[[file:Template:Location map Lublin Voivodeship|250px|Hrubieszów is located in Template:Location map Lublin Voivodeship]] <div style="position: absolute; top: Expression error: Unrecognized punctuation character "[".%; left: Expression error: Unrecognized punctuation character "[".%; height: 0; width: 0; margin: 0; padding: 0;">
[[File:Template:Location map Lublin Voivodeship|6x6px|Hrubieszów|link=|alt=]]
|Voivodeship||Template:Country data Lublin Voivodeship|
|Gmina||Hrubieszów (urban gmina)|
|• Mayor||Tomasz Zając|
|• Total||33.03 km2 (12.75 sq mi)|
|Elevation||200 m (700 ft)|
|Time zone||CET (UTC+1)|
|• Summer (DST)||CEST (UTC+2)|
Hrubieszów [xruˈbjɛʂuf] (Ukrainian: Грубешів| Hrubeshiv, Yiddish: הרויעשאוו) is a town in southeastern Poland, with a population of around 18,212 (2016). It is the capital of Hrubieszów County. Between 1975 and 1998, it was part of a small Zamość Province and, since 1999, Hrubieszów is within the Lublin Voivodeship.
Throughout history, the town's culture and architecture was strongly shaped by its Polish Roman Catholic, Greek Catholic and Jewish inhabitants. The entire Jewish community of the town, however, perished in the Holocaust. Hrubieszów is also the birthplace of Polish writer, novelist and author of popular books Bolesław Prus, and entrepreneur and Holocaust survivor Henry Orenstein.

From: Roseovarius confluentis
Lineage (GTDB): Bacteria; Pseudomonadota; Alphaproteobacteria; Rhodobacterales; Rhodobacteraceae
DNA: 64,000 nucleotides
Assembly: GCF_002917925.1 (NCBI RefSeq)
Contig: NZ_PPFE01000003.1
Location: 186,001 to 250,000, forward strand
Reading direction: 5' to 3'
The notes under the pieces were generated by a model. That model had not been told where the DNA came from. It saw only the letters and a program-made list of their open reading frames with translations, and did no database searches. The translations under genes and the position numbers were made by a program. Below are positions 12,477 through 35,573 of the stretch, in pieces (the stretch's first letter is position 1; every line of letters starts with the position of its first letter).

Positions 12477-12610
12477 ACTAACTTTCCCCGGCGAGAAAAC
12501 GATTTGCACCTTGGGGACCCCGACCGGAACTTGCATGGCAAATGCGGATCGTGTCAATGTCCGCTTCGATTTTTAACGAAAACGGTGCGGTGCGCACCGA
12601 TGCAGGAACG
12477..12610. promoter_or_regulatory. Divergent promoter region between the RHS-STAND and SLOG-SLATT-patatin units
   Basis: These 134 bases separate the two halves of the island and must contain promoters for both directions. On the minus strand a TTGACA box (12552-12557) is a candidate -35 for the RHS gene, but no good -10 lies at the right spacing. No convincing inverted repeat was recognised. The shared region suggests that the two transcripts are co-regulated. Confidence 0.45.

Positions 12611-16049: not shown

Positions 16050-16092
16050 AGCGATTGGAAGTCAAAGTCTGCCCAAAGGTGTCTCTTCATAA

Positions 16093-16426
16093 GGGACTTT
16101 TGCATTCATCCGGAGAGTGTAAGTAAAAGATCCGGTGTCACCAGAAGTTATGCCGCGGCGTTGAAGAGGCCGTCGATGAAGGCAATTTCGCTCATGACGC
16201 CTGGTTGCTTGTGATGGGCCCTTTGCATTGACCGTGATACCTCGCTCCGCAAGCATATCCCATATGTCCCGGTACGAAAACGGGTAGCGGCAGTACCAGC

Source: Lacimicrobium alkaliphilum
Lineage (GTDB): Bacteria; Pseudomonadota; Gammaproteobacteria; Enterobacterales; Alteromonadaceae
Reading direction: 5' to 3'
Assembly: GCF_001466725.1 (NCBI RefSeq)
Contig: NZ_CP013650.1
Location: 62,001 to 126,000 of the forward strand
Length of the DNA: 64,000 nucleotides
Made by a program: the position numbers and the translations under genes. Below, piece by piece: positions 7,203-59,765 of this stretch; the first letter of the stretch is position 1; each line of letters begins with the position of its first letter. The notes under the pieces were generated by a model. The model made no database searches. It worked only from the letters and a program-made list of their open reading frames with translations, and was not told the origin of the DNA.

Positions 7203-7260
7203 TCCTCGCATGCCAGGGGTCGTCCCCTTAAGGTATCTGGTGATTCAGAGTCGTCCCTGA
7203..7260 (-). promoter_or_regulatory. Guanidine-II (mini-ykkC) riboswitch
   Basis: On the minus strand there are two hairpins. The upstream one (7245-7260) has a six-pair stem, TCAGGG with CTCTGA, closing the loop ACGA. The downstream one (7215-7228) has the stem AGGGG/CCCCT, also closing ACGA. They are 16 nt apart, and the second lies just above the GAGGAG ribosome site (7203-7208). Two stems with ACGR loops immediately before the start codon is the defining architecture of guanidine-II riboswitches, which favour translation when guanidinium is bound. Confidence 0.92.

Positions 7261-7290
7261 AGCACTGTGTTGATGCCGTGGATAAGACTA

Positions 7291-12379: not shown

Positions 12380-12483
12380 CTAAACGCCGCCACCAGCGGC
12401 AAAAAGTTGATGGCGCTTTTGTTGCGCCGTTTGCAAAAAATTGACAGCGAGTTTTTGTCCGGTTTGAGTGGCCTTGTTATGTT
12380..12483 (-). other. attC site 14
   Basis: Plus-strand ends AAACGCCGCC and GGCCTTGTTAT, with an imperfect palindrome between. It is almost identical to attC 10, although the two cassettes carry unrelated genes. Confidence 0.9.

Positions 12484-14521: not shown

The origins of the town go back to the early Middle Ages, when a Ruthenian defensive gord existed on the Huczwa river island. It was probably part of the so-called “Cherven Towns”, and was first mentioned in 1254, as a hunting settlement located among forests.
In 1366, Red Ruthenia, of which Hrubieszów, then called Rubieszow, was a part, was annexed by the Kingdom of Poland. Some time in the late 14th century, a wooden castle was built here, as a residence of a local governor. Probably in 1400 Rubieszow received a town charter from Poland's king Władysław II Jagiełło, who visited it in 1411, 1413 and 1430. A castle and church were later added. Casimir IV ordered the construction of a route from Lublin to Lviv passing through Rubieszow. The town was destroyed several times by Crimean Tatars, who raided this area in the 15th, 16th and 17th centuries, and by the rebellious Cossacks.
After the first partition of Poland in the late 18th century Hrubieszów was annexed by the Austrian Empire. In 1800, Stanisław Staszic founded the Hrubieszów Agricultural Society, the first cooperative organization in Europe, which existed until 1945. The name of the town was changed in 1802 from Rubieszow to Hrubieszów. In 1809 the town became part of the Duchy of Warsaw, then in 1815 it became part of Russian-controlled Congress Poland, within the Lublin Governorate. In 1909, its population was 15,000. In 1918, it became part of the Second Polish Republic.